When analyzing a set a logs like this what I tend to do is extract out just the portion of the log near the crash to make it easier to graph the key variables. I've attached two extracted logs below, one is the Sunday crash, and the other is the first big dive on the Saturday.
Let's start with the crash on Sunday. First off, the altitude and airspeed:
The red line is the altitude in meters with the scale on the left. You can see where it drops rapidly as trouble begins. At that time the airspeed was quit low - about 8.1 m/s. That sort of speed would normally not be a problem for a bixler unless it was very heavily loaded. It is worth noting that the problem started at minimum airspeed though.
Next let's look at what the APM thought the attitude was - the roll and pitch in degrees. Note that you don't start by looking at the gyro values - the gyro tells you your rate of rotation about each of the 3 axes, not your attitude. What we're interested in initially is the attitude. Here is the roll and pitch of the plane in degrees, with the altitude in meters to show us what stage of the crash we're at:
notice that the roll was very high (peaking at 82 degrees) when the trouble starts? A plane like the bixler likes to fly fairly flat - a roll of 60 degrees is used in a sharp turn. A roll of 82 degrees is way beyond what it can reasonably handle, especially when flying slowly. The amount of vertical lift that the wings give is proportional to the cosine of the roll. At 82 degrees it is getting less than 14% of the lift that it would get when flat. So unless it is travelling very fast it just won't have enough lift to keep it in the air, and it will stall.
Next we need to check if the APMs idea of the attitude is accurate. There is some pretty complex maths that the APM does to work out which way is up, and we need to check if it was getting it right. The way I normally check that is to do some much simpler maths that gives an approximate attitude based solely on the accelerometers and the centripetal forces from the airspeed and turn rate. It doesn't use the X and Y gyros at all, which means it isn't using the main sensors that normally are used for attitude. Here is the APMs idea of attitude against the roll estimate:
That shows that the APMs idea of the roll matches the roll estimate quite well. It breaks down a bit as the plane nears the ground, but that is not surprising. The key is that it matches well when things start to go wrong, so I think we can trust the roll estimate.
That also means the gyros were working correctly. So now we can look at what the gyros were telling us. As I mentioned above, the gyros tell you your rate of rotation about each axis. The xgyro is the roll rate, the y gyro is the pitch rate and the z gyro is the yaw rate - all 3 rates are in body frame.
Here is what the gyros were showing:
The key result here is the xgyro, which shows that when the trouble starts the plane starts rotating very rapidly about the X axis, peaking at -256 degrees/second. That is a very fast roll. It is also rotating quite fast about the z axis. What it looks like to me is that the low airspeed combined with high bank angle led the plane to stall, and essentially fall out of the sky.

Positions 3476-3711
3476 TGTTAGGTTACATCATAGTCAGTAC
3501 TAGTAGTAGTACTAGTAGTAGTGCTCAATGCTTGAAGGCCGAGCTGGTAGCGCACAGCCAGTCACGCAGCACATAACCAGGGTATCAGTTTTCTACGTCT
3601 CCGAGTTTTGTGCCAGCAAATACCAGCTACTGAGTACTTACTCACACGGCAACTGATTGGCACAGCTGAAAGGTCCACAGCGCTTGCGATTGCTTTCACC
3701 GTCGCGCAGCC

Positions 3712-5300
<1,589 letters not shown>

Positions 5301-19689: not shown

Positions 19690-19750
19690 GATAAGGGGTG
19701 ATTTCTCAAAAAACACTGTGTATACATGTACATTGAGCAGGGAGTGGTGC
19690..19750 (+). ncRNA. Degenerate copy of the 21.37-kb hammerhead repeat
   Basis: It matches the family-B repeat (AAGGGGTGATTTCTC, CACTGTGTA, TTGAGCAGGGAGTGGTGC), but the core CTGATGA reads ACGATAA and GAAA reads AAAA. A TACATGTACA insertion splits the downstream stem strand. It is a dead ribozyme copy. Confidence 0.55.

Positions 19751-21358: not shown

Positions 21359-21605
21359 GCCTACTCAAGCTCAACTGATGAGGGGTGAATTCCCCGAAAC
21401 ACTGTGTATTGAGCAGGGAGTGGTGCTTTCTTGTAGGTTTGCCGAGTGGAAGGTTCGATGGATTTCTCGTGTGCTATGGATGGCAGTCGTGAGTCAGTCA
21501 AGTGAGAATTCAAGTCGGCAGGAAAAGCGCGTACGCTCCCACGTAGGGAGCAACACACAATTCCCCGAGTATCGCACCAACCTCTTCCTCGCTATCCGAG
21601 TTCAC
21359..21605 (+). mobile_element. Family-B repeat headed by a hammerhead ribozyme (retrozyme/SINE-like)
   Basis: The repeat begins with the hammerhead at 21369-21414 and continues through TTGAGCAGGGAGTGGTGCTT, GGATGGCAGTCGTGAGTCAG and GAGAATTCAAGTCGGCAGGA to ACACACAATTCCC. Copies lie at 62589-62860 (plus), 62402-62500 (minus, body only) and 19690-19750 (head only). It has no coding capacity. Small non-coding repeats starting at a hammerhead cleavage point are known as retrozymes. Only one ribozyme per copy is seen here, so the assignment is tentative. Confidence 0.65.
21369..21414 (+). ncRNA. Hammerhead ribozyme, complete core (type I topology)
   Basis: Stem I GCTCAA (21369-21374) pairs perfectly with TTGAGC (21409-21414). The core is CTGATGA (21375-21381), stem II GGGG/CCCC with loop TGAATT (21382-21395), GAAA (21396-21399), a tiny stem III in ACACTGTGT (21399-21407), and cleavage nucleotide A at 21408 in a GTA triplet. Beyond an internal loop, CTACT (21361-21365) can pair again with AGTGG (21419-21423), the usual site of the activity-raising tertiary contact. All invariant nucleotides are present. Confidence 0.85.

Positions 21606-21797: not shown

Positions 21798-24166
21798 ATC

That's enough graphs for now, it may be more useful to suggest what you can do to avoid this in the future!
First off, I'd recommend you fly in FBWA mode instead of STABILIZE mode. In FBWA mode the APM will prevent you from rolling over too much. The config file you have loaded now has a LIM_ROLL_CD of 4500, so it won't roll past 45 degrees. That is a conservative setting, and you'll need to use some rudder to make a tighter turn, but it is unlikely to stall unless you pitch it up hard at low speed. It is generally much easier to fly in FBWA than STABILIZE mode.
In STABILIZE mode the plane will add your control inputs to whatever it thinks is needed to level the plane. That means if you use too much aileron then the plane will roll over too far, and can stall and fall out of the sky (which is what happened to you). In FBWA mode it won't roll past the limits you have set in the config file.
Another factor was probably the weight of the larger motor and FPV gear. The bixler is a small plane, and isn't really meant to carry a lot of weight. You can load it up, but if you do then you need to fly it much more conservatively. If it has the standard motor and no extra gear then it is very light, and doesn't need much airspeed to keep it in the air. As you add weight it needs a lot more lift to compensate, and that means you need to either fly it faster, or fly it flatter. In the case of your crashes it was flying slow, and at high bank angle. The small part of the wings that was still generating lift at 82 degrees roll wasn't enough.
I hope this helps!
Thank you for the detailed expert analysis, Tridge, it's much better than watching the program "Seconds from Disaster".
While I was at the field on for the first two crashes I didn't actually see them so didn't think that a stall might be the cause, but it makes sense especially as the weight of Loius' Bixler (v1) is higher with a bigger motor, bigger battery, 40A ESC, APM & peripherals, Spektrum telemetry and the extra glue and tape used to fix it after the crashes.